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Making the transition to college easier for students in recovery

January 22, 2014
by Shannon Brys, Associate Editor
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Excelling in college has never been an easy task. Making new friends, being away from family and familiarity, juggling classes and trying to earn grades that will lead to a great job upon graduation are just a few of the challenges that any student may encounter. Now imagine these with the added pressure of maintaining one’s recent sobriety in a community filled with partying – which many times means drinking and using drugs.

“When young people get sober and go back to college, they are going to an environment is that not recovery-friendly,” says Mills Tate, outreach coordinator at Hope Homes Recovery Services.

Hope Homes opened a new recovery residence this month specifically for college students who are in active recovery from addictive, emotional or eating disorders. The new program, called the Loft, is located in Charlotte, N.C., and serves students attending the surrounding colleges—UNC Charlotte, Queens University, and Central Piedmont Community College.

In this recovery community, students are encouraged to have the same experiences as any college student would – just without the alcohol and drugs. Tate says the plan is to create an environment where fellowship and community are a main focus and questions such as, “How are your classes going?” “How are your meetings?” “Do you have a sponsor?” are regular topics of conversation.

The requirements for an individual to live at the Loft are that he or she:

  • Must be between the ages of 18 and 25
  • Must have at least six months of sobriety
  • Must agree to random drug and alcohol screening
  • Must be enrolled at a university or will be enrolling the upcoming semester

As far as relationships with the local colleges, Tate says the new program is located close to the UNC Charlotte campus because the organization has worked closely with its collegiate recovery community and also had a past relationship with a nearby apartment complex. (The Loft is on a bus line so there’s easy access to public transportation at the apartment complex for those students who may not be attending UNC Charlotte.)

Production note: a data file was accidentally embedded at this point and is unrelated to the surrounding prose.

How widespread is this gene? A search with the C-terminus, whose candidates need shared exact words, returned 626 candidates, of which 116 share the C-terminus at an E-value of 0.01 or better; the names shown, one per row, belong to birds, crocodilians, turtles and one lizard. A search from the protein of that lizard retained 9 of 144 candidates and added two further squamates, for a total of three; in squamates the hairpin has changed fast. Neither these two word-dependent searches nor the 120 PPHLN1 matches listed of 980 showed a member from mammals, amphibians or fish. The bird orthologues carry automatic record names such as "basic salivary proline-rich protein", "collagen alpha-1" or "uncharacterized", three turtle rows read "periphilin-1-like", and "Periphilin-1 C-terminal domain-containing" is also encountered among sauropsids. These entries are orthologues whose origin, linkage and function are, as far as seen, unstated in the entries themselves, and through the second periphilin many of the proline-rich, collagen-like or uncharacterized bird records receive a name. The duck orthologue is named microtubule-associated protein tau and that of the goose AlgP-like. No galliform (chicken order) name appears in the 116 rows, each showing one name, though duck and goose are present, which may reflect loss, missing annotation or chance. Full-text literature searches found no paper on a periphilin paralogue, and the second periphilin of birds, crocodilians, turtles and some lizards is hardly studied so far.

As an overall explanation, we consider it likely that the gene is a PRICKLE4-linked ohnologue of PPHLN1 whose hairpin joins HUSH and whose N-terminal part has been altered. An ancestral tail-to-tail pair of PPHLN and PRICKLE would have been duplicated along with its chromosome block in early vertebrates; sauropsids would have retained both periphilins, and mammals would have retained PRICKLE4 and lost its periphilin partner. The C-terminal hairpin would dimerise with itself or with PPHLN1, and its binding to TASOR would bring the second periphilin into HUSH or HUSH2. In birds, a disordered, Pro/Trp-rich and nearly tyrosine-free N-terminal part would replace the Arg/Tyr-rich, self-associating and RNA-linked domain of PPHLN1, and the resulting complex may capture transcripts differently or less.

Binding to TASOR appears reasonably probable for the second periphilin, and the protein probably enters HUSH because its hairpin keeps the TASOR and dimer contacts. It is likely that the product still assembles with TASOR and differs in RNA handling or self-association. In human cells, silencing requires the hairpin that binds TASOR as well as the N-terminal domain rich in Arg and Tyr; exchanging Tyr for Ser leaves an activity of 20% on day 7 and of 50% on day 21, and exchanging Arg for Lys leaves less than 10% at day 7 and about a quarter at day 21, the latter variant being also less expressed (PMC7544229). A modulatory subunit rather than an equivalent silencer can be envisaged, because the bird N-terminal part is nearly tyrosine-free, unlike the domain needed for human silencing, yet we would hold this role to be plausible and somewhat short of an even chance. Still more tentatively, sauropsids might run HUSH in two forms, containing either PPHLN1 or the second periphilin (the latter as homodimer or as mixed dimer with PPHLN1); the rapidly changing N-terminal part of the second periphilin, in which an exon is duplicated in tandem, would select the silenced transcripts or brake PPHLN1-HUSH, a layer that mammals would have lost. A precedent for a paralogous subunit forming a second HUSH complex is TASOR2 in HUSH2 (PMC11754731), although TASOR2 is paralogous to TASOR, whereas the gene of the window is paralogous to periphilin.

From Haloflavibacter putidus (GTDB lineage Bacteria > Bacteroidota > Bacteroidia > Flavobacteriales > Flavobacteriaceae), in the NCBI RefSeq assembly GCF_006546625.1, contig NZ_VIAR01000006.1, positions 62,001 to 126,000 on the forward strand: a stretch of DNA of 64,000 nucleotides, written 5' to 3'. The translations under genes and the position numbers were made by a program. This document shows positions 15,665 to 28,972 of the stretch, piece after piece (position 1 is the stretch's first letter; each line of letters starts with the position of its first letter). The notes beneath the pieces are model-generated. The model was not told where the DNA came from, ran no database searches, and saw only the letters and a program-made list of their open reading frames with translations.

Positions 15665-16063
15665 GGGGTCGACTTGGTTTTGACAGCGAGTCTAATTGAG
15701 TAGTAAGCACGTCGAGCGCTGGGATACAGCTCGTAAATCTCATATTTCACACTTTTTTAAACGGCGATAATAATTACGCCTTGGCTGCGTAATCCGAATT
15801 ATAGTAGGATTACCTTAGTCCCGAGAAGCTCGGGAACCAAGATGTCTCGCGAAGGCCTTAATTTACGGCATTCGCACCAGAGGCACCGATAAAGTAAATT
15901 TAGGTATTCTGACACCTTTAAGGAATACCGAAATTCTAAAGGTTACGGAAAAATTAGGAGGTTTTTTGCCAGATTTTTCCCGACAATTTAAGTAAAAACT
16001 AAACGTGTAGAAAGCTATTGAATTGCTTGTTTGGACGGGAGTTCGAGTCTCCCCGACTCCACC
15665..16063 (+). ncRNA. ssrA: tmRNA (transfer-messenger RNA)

She has also been in communication with a professor at Central Piedmont who works with students who are pursuing their degrees in substance abuse counseling. “So far, we have a really good working relationship with the colleges, but we are definitely separate from them,” she says.

According to the organization’s website, “peer counselors live on-site and lead community activities, provide strategic goal setting in weekly one-on-one sessions, and facility an overall healthy and active community.” The peer counselors help students with their online registration and study skills, but do not interfere with the students’ relationships with the university.

Although this program will serve the local universities, Tate acknowledges that this is an issue that needs to be addressed throughout the entire country. There is currently a large movement of collegiate recovery communities and she says that these “have opened up the idea that you can be a student and also in recovery at the same time.”

Tate says the goal is eventually to have a Loft community in every area where larger Hope Homes programs are located. Besides Charlotte, these cities are Greenville, S.C., Atlanta, and Birmingham, Ala. For her, the desire to open these communities has a deeper meaning. She got sober at age 20, returned to college and relapsed within four months.

“For me, it’s personal,” explains Tate. “I’ve been inspired by the idea that students can have a college experience while staying clean and sober. I want to be able to provide students with the opportunity that I did not have. If this one is successful, we’ll start looking for where we’d like the next one to go.”

She says she feels that she missed out on the community aspect of college that the Loft is striving to provide. Because her time was consumed with drinking, she didn’t get involved in any on-campus activities or intercollegiate sports.

“I wish to be able to help other students instead of wasting this opportunity to be involved in all types of activities — focusing on those things rather than just drinking and wasting away these years that you really have to figure out who you are and what you want to do with your life,” she says.

The Loft will be able to house 24 students, but Tate explains that there really isn’t a “capacity” to the program. “We won’t ever ‘hit capacity’ and turn people away, we would just ‘hit capacity’ and open up another community,” she says.